The New Energy – Osoyoos Indian Band

A statue of a man on horseback in Osoyoos
/ Indigenous relations

Chief Clarence Louie of the Osoyoos Indian Band is looking to the future with new economic and energy opportunities. 

Osoyoos Indian Band

Simon meets with Chief Clarence Louie to explore how the Osoyoos Indian Band is creating new jobs and businesses for his people.

As a nationally recognized leader and advocate for Indigenous business, Chief Louie shows Simon how his Nation’s investments in their winery, resort, golf course and racetrack are creating new jobs and long-term revenue for the generations to come.

Now, the Osoyoos Indian Band is tapping into the future and has officially opened the first two publicly available EV charging stations in a First Nation community in British Columbia.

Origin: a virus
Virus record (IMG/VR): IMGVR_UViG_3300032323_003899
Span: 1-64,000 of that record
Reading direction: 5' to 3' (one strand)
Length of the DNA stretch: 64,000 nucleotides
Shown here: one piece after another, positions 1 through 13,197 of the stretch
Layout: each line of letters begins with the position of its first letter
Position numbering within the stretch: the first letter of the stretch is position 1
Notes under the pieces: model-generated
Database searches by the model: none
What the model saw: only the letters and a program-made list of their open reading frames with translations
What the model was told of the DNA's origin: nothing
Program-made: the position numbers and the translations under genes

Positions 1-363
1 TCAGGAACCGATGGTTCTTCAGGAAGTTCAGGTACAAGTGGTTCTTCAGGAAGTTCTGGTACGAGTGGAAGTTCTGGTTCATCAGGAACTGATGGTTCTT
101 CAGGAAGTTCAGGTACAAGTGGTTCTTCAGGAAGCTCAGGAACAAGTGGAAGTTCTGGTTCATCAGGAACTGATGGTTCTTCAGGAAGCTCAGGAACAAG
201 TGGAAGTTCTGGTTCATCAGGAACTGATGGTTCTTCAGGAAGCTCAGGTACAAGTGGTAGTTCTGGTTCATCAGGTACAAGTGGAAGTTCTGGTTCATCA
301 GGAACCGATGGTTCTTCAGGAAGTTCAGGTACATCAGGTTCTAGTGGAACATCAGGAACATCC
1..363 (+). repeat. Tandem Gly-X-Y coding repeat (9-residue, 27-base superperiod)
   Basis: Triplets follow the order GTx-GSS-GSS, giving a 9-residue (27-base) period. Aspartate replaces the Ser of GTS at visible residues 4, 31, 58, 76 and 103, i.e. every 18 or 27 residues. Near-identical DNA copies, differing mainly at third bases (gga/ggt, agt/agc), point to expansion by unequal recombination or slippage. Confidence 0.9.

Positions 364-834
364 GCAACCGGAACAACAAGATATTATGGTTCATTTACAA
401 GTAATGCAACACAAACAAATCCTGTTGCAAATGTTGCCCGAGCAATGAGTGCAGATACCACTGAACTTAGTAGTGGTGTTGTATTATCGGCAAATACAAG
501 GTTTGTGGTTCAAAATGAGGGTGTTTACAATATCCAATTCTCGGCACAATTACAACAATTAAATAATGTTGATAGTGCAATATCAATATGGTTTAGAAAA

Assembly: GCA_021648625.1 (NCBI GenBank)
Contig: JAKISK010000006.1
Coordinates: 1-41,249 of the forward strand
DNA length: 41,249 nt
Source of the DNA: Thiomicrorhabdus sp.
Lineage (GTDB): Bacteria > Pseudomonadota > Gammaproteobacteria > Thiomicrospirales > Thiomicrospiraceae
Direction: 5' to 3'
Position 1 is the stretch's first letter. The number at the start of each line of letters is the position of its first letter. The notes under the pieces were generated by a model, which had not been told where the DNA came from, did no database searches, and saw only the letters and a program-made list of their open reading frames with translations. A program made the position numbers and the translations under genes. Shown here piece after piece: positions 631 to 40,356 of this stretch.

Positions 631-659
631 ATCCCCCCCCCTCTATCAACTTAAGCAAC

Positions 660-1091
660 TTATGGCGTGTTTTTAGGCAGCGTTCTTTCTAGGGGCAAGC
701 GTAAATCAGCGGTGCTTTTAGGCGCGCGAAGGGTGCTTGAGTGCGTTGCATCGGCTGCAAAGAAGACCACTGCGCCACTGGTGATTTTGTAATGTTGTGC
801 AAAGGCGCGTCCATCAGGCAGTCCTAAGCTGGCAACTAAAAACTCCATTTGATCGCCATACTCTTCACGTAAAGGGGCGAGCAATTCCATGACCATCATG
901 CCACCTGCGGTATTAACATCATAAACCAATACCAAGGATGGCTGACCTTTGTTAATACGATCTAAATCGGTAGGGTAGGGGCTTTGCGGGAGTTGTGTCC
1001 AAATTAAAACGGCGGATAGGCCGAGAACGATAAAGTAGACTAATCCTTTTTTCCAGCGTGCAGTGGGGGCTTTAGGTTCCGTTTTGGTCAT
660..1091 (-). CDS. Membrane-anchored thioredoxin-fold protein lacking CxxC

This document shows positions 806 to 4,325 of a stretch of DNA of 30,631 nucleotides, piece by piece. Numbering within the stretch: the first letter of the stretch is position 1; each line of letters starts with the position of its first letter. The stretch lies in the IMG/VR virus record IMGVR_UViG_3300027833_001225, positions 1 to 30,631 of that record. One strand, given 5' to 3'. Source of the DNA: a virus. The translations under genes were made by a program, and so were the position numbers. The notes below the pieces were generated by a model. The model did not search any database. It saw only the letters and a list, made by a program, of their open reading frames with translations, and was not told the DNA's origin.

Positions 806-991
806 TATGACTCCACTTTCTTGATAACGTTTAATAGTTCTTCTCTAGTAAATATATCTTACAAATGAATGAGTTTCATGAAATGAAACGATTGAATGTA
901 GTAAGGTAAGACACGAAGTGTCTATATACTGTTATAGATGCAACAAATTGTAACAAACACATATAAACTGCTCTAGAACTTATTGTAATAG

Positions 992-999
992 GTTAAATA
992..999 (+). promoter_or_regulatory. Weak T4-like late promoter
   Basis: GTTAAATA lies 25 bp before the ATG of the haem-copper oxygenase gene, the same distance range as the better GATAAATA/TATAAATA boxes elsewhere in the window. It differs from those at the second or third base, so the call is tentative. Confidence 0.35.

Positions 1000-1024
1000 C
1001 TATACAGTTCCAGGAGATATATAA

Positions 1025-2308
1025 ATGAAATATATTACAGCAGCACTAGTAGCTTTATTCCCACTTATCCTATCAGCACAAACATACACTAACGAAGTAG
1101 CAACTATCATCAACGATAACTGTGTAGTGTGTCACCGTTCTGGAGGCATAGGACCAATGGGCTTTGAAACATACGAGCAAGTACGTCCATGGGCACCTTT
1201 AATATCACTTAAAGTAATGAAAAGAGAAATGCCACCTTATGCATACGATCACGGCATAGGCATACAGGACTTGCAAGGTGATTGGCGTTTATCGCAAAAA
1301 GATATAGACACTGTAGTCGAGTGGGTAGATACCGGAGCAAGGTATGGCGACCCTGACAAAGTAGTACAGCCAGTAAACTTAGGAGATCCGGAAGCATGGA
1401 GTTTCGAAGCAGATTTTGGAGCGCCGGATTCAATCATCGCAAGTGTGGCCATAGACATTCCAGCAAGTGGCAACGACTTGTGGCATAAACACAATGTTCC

As a First Nation, you have to be economically strong—make your own money, have your own jobs, your own income, your own businesses. The economy is always the number one issue.

Clarence Louie, Chief

Osoyoos Indian Band

Featured in this video

Simon Baker

Simon Baker

Simon is an actor and filmmaker of the Squamish Nation (Sḵwx̱wú7mesh Úxwumixw), graduated the Canadian Film Centre’s Actors Conservatory and now lives in Vancouver, BC.

Chief Clarence Louie of the Osoyoos Indian Band

Chief Clarence Louie

Recipient of the Order of Canada and inducted into the Canadian Business Hall of Fame, Chief Clarence Louie has been a champion for the Osoyoos Indian Band for over 30 years.

Justin Hall, Estate Winemaker for Nk'mip Cellars in Osoyoos

Justin Hall

Justin grew up in Osoyoos, BC and completed a post-graduate diploma in Enology and Viticulture in New Zealand. Now, Justin is the Estate Winemaker for Nk’Mip Cellars.